Gainward Bliss GeForce 9600GT
Gainward had always been one of Nvidia's finest manufacturers of video cards. Their cards are always different from the rest of the bunch, either by massive coolers on them or by increased GPU and memory clocks. The Bliss 9600GT card comes with the referent clocks, but it has a very attractive cooler that promises great overclocking abilities.
Box contents (bundle)
The bundle is unfortunately poor. In the box you can find the manual, a CD with drivers and applications (ExperTool which allows changing the fan speed and overclocking), Molex - PCIe power cable, S-Video - Composite (TV Out with HDTV support) and S-Video - Chinch (external SPDIF) cables.
Gainward's Bliss model comes with a metal cooler under a red and black plastic construction which looks very attractive and exclusive. The black cooler under the plastic construction is made of aluminum and it is also covering the memory chips along with the GPU. You'll need a 6-pin connector for the power supply and Gainward recommends a minimum of 450W. The Gainward Bliss 9600GT is based on the G94 chip which is made in 65nm technology. The default clock for the GPU is 650MHz and the 64 shader units are clocked at 1625MHz. The card has 512MB of GDDR3 memory clocked at 900MHz (1800MHz effectively) over a 256-bit bus. All other characteristics are the same as in other GeForce 9600GT cards. Instead of the second DVI-I out, Gainward's model has an HDMI out, which is great. It also has a TV-out. Considering that the card has an HDMI out, they should have put an HDMI cable or a DVI-HDMI adapter in the bundle.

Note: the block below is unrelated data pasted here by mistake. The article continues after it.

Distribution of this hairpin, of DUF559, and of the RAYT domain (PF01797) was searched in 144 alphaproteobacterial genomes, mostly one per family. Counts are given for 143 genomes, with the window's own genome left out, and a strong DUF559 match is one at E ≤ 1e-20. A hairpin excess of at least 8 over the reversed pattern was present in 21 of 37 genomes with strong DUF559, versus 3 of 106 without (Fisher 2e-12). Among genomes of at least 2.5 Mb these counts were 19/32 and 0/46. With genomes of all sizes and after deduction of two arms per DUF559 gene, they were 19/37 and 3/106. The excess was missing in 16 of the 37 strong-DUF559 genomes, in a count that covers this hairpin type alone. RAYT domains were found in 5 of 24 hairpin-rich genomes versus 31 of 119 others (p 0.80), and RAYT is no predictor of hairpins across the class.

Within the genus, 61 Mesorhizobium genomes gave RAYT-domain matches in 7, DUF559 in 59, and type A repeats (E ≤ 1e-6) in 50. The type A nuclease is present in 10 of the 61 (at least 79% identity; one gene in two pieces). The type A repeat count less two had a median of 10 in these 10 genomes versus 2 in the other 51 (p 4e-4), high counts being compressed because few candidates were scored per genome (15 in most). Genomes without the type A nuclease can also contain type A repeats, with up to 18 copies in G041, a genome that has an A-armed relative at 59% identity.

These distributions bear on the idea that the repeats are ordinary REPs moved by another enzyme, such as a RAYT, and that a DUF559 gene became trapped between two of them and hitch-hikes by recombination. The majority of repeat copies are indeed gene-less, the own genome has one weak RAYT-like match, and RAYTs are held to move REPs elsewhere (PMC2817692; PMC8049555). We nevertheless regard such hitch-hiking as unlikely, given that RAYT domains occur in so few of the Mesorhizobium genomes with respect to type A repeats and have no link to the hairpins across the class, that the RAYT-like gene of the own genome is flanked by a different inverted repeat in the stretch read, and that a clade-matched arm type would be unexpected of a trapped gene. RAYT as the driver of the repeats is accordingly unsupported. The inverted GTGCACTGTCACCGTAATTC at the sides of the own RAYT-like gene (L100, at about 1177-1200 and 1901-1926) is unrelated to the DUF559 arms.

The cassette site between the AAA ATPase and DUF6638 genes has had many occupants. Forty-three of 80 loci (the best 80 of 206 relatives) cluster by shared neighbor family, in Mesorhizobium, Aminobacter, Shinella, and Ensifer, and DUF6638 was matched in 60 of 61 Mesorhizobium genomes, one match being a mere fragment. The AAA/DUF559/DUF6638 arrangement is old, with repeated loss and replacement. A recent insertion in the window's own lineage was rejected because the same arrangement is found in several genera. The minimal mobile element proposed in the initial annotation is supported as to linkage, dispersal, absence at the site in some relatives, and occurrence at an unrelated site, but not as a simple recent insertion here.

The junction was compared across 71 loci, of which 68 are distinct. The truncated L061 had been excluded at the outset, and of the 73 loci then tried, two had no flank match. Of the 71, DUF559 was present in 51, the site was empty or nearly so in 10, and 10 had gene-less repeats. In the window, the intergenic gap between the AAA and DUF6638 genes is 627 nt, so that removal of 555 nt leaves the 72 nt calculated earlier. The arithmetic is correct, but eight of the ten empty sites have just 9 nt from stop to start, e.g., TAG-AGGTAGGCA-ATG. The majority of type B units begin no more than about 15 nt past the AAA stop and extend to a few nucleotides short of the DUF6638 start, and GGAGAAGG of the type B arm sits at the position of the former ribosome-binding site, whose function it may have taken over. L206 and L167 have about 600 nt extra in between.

Temperature and overclocking abilities
The fan works at 36% power by default and the speed is automatically increased with the increase of temperature (the fan speed can be set manually too). The card is surprisingly cool, 36°C (96.8°F) at idle and 58Â°C (136.4°F) at full load (running 3Dmark06).
Overclocking was done with nTune with the cooler set to 100%. It gets pretty loud at 100% but the card is cold as ice (don't take that literally). The GPU went from 650 to 740MHz which is 14%, and the memory went from 1800 to 2000MHz which is 11%. The overclocking abilities are a little above the average because of the great cooler.
These are the benchmark results compared to the older Asus GeForce 8800GS and AMD/ATI's Radeon HD3850.
Gainward Bliss 9600GT 512MB - 10140 marks
ATi 3850 256MB - 9325 marks
Asus 8800GS 384MB - 9312 marks
Company Of Heroes - Opposing Fronts - DX9 (1280x1024, 4xAA, 16xAF)
Gainward Bliss 9600GT 512MB @OC - 58.3 fps
ATi 3850 256MB - 9325 marks - 57.9 fps
Gainward Bliss 9600GT 512MB - 57.3 fps
Asus 8800GS 384MB - 55.7 fps
Company Of Heroes - Opposing Fronts - DX10 (1280x1024, 4xAA, 16xAF)
Gainward Bliss 9600GT 512MB @OC - 38.9 fps
Gainward Bliss 9600GT 512MB - 36.2 fps
ATi 3850 256MB - 9325 marks - 33.2 fps
Asus 8800GS 384MB - 33 fps
Crysis - 1280x1024 DX10
Gainward Bliss 9600GT 512MB @OC - 31.38 fps
Gainward Bliss 9600GT 512MB - 27.84 fps
Asus 8800GS 384MB - 25 fps
ATi 3850 256MB - 9325 marks - 21.62 fps
Half Life 2 Episode Two - (1280x1024, 4xAA, 16xAF)
ATi 3850 256MB - 9325 marks - 132 fps
Gainward Bliss 9600GT 512MB @OC - 129.6 fps
Gainward Bliss 9600GT 512MB - 126.1 fps
Asus 8800GS 384MB - 121.4 fps
As you can see, our Gainward 9600GT leads all the benchmarks instead of Half Life which prefers ATI cards.
The card is priced between $190 and $220. For that money it gives a lot: good performance, an attractive cooler that does the job great, solid overclocking and an HDMI out. The bundle however, could have been a little richer.
Pros: Price, good performance, HDMI out, great cooler and good OC
Cons: Poor bundle